• May 16, 2022
 To combat sexual assault and harassment, Ft. Bliss delivers on ‘Ironclad’ promises

Staff Sgt. Jeremy Reese, Civil Liaison AWOL Apprehension Section (CLAAS) NCOIC creates a military protective order (MPO) at Fort Bliss. The Fort Bliss Military Police Station ordered the reorganization of its system to streamline the input of MPOs into the National Crime Information Center database following the announcement of Operation Ironclad. This new system will expedite military and civilian law enforcement availability of MPO information and ensure protection on- and off-post for all survivors of sexual assault and sexual harassment. This is one of over 40 specific tasks designed to improve or replace current systems on Fort Bliss, 18 of which have already been completed. | U.S. Army photo by Staff Sgt. Nicholas Brown-Bell

To combat sexual assault and harassment, Ft. Bliss delivers on ‘Ironclad’ promises

FORT BLISS – Maj. Gen. Sean C. Bernabe, senior commander, 1st Armored Division and Fort Bliss, gathered every battalion command team and higher in a conference room on Fort Bliss last month.

At the inaugural Ironclad Summit, he told those assembled that eliminating sexual assault and sexual harassment was his top priority. Referencing 19 reported sexual assaults over the previous 30 days, he directed that this destructive behavior must stop.

But Fort Bliss leaders have not simply “talked the talk.” Initiatives put in place as part of Operation Ironclad are swiftly being accomplished. Processing rates of sexual assault and sexual harassment, already one of the quickest among Army installations, will become more rapid as well.

The creation of a second court room will more expeditiously process alleged cases of sexual assault and sexual harassment, as well as provide survivors the justice they deserve.

Command teams across the installation also meet monthly to discuss the current status of sexual assault and sexual harassment cases during the Victim Review Board. Previously titled the “Sexual Assault Review Board”, this shift in naming brings attention to Fort Bliss’s focus on providing service and caring for the victim rather than the act.

The Fort Bliss Directorate of Emergency Services was also told to reevaluate its military protective orders (MPOs) processing and enforcement system.

Within a month of being tasked, these objectives have been met.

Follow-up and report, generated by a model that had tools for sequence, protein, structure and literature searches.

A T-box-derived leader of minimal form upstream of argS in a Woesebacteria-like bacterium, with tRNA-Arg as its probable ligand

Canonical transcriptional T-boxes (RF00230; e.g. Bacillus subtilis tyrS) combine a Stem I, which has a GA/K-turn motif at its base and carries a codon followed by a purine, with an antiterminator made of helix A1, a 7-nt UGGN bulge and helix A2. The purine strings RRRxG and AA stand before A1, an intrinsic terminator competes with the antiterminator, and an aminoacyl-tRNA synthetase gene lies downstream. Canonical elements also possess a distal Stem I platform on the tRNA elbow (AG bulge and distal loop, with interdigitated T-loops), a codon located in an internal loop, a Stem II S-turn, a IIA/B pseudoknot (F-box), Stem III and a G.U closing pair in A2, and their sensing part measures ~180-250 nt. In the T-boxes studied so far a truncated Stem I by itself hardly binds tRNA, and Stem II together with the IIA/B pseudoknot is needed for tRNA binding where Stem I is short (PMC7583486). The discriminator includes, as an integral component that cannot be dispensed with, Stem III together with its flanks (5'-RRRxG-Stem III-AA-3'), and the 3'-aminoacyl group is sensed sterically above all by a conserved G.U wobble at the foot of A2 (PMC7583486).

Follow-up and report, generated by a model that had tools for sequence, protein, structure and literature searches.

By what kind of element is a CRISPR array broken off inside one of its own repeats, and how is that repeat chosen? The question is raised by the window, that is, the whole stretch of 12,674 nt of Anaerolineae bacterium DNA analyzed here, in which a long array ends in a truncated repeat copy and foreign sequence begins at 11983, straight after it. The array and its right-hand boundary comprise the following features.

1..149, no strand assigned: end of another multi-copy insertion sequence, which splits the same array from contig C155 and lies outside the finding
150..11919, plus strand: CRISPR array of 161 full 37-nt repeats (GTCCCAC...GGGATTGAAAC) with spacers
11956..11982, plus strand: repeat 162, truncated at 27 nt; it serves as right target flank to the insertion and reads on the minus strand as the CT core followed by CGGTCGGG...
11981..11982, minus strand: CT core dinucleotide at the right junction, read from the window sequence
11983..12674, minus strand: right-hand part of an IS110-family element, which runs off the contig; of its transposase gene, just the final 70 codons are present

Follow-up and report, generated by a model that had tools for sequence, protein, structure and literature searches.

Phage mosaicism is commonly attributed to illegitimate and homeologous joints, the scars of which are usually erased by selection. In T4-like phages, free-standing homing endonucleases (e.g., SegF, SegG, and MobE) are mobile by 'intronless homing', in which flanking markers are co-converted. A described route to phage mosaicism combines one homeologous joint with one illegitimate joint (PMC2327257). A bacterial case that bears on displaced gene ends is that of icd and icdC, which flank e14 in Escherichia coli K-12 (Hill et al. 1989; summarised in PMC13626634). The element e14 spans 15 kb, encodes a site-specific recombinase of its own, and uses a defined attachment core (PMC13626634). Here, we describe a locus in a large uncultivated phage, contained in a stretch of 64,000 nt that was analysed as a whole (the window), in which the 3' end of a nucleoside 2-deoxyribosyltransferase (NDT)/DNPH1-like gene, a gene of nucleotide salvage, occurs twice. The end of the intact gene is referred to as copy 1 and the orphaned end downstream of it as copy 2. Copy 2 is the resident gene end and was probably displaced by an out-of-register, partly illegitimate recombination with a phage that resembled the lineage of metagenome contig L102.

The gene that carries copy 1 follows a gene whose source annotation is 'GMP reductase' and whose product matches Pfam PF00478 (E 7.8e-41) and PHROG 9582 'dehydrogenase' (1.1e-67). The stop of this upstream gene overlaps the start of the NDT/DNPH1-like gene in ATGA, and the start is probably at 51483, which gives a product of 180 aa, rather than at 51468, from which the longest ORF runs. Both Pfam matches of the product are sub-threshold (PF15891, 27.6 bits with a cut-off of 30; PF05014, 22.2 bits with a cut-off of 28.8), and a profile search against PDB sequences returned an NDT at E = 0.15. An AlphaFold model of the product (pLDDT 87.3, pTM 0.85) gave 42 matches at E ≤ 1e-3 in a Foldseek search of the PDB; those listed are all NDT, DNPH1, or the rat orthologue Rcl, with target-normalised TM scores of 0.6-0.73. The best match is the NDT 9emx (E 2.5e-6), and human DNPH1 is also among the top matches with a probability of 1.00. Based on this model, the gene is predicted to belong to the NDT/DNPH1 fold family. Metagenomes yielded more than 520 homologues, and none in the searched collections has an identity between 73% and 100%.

A second courtroom, while temporary until the permanent space is established in late July, has been set up across the street from its predecessor. Judges need only travel a short distance to hear cases and issue verdicts in a variety of legal matters affecting the installation. Having a second courtroom on the installation provides the expectation of timely closure to possibly traumatic situations and allows Fort Bliss to leverage all available assets towards that effort.

The Military Police Station has also reorganized its process for MPO creation and implementation. A specialized task force has been created to work solely with commanders and law enforcement entities to provide guidance and swift upload of MPOs into the National Crime Information Center (NCIC) database.

“Commanders were absolutely correct to take care of their folks immediately by creating the MPO, but without us receiving it, we couldn’t make sure that local law enforcement, on- or off-post, could actually do anything with it. If they don’t have it, they can’t enforce it,” explained Investigator (INV) Jeremy Reese, Civil Liaison AWOL Apprehension Section (CLAAS) NCOIC.

This change in organization means that NCIC technicians physically work with command teams to ensure accuracy in submissions of MPOs. Fort Bliss military police are educating leaders while taking care of survivors, which will create lasting change across the installation.

“We can make sure Fort Bliss, El Paso, and all national law enforcement agencies are aware now, which means we can protect everyone named on an MPO,” said Investigator Kenneth Nixon, CLAAS Investigator.

Military Police Investigators use the rank of INV to remain impartial and provide a sense of comfort to those involved in investigations. Investigators wear plain-clothes to reduce risk of interference with their duties.

These are simply two of the many updates to Fort Bliss facilities and processes that are in progress. Caring for the people of Fort Bliss, military and civilian alike, remain Bernabe’s number one priority. A dedicated working group continues to meet at least twice weekly, briefing senior leadership of progress on over 40 specific tasks designed to improve or replace current systems, 18 of which have already been completed since last December.

The newest Operation Ironclad program, named “The Forge,” is a “Shark Tank”-inspired event aimed at soliciting creative solutions to complex problems from anyone on the installation. Submissions are currently open through May 4, with five finalists being selected to present their ideas to a panel of Fort Bliss senior leaders May 11. These solutions will then be implemented as part of Operation Ironclad.

As always, however, Bernabe encourages all with suggestions for improvements, questions that have gone unanswered, and/or concerns about the installation to contact him directly via the Commanding General Hotline at 915-744-2010. All messages are sent to Bernabe and included in Operation Ironclad working group discussions.

Author: Staff Sgt. Nicholas Brown-Bell – 1st Armored Division

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